Marie Sophie was the daughter of Auguste Pierre de Lauret (1810-1881), of the Court of Charles X of France, who emigrated to New South Wales, via England, in the 1840s and eventually bought the Wynella estate.
After her first husband, James Dalglish died, she came to England and married William Bellasis. She financed the rental of large properties such as Lulworth Castle in Wiltshire, that was later destroyed by fire but still stands; and Sundorne Castle in Shropshire that was later raised to the ground for tax reasons. They used Sundorne to help soldiers recuperate from their injuries during the Great War, in which they lost three of their own sons and a son-in-law.
She honoured the Bellasis family's close association with the Oratorian Fathers by financing the central dome of the Brompton Oratory.
From: 'The London Oratory', Survey of London: volume 41: Brompton (1983), pp. 50-57. URL: http://www.british-history.ac.uk/report.aspx?compid=50008 Date accessed: 07 January 2013:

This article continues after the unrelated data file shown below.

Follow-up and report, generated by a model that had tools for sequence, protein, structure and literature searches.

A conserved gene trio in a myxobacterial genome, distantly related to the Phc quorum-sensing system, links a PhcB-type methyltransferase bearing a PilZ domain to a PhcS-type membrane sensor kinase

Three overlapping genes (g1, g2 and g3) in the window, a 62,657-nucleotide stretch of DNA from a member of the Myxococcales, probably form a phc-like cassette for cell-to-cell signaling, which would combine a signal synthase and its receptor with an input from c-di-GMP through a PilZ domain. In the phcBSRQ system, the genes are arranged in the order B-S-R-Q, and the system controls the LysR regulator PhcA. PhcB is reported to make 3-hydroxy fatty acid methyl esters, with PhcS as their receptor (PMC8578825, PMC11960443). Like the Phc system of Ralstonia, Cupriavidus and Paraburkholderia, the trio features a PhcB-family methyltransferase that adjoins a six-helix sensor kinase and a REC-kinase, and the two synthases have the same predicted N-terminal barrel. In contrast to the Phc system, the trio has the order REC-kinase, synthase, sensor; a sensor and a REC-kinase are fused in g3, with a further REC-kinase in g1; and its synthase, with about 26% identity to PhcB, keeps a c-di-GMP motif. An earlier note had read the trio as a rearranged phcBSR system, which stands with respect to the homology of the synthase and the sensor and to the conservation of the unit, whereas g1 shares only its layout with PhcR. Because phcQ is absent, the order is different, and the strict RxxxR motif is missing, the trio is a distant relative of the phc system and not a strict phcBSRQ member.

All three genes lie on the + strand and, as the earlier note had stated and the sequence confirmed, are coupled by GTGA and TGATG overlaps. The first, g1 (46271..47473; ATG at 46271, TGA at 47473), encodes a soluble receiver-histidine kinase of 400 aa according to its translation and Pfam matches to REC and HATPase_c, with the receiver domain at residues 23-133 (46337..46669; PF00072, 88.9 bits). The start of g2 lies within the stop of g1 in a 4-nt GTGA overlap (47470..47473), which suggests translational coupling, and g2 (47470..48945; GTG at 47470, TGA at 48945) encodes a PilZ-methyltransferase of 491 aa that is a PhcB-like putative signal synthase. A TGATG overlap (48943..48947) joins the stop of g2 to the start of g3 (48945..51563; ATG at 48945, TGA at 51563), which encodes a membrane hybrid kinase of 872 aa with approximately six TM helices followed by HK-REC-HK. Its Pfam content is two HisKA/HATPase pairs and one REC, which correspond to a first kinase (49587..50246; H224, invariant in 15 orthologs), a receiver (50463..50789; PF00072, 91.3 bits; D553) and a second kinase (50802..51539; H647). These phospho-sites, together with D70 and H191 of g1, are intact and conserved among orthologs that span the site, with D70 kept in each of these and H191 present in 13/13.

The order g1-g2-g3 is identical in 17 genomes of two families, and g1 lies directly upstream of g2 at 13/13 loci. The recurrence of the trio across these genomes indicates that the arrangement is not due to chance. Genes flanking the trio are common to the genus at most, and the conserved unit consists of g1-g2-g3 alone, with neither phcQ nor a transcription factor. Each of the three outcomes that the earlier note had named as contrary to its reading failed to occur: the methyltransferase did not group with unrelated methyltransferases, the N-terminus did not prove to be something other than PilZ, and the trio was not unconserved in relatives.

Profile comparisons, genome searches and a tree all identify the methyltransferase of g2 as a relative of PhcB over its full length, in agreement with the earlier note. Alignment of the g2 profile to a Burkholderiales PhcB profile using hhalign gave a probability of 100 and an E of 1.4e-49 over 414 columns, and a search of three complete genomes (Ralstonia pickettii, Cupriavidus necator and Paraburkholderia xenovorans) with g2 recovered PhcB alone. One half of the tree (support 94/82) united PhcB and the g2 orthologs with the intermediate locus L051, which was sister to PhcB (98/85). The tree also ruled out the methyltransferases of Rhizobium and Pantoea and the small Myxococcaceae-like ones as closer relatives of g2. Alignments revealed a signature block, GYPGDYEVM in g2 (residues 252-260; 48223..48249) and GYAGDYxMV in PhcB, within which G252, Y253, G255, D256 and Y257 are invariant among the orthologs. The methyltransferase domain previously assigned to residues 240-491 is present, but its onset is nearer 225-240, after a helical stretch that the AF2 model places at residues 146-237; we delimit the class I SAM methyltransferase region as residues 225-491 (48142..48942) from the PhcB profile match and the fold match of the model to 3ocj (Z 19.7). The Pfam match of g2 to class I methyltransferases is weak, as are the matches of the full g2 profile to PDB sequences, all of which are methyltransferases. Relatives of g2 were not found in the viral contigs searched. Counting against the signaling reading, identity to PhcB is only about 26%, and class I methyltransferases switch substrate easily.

"Gribble, who died in 1894 aged forty-seven, had greatly regretted the failure to construct his outer dome. (ref. 92) The want was, in a manner, supplied when ‘a Client of Saint Philip’ (Mrs. Dalglish-Bellasis (ref. 93) ) offered to pay for it on the saint's tercentenary in 1895. The design was to be provided by the architect George Sherrin, who in 1894 had suggested an alternative domical finish to the flanking towers, (ref. 94) but the lantern was designed by his young assistant, E. A. Rickards (Plate 37a). (ref. 95) The steel-framed dome was built in 1895–6 to the silhouette, higher and steeper than Gribble had proposed, which shows so effectively from some of the quiet streets north of the Brompton Road."
Marie Sophie's sister, Anne Maria, married Edward Percy Simpson.
Marie Sophie's most striking feature was her jet black hair, the colour of which she mostly retained upto her death.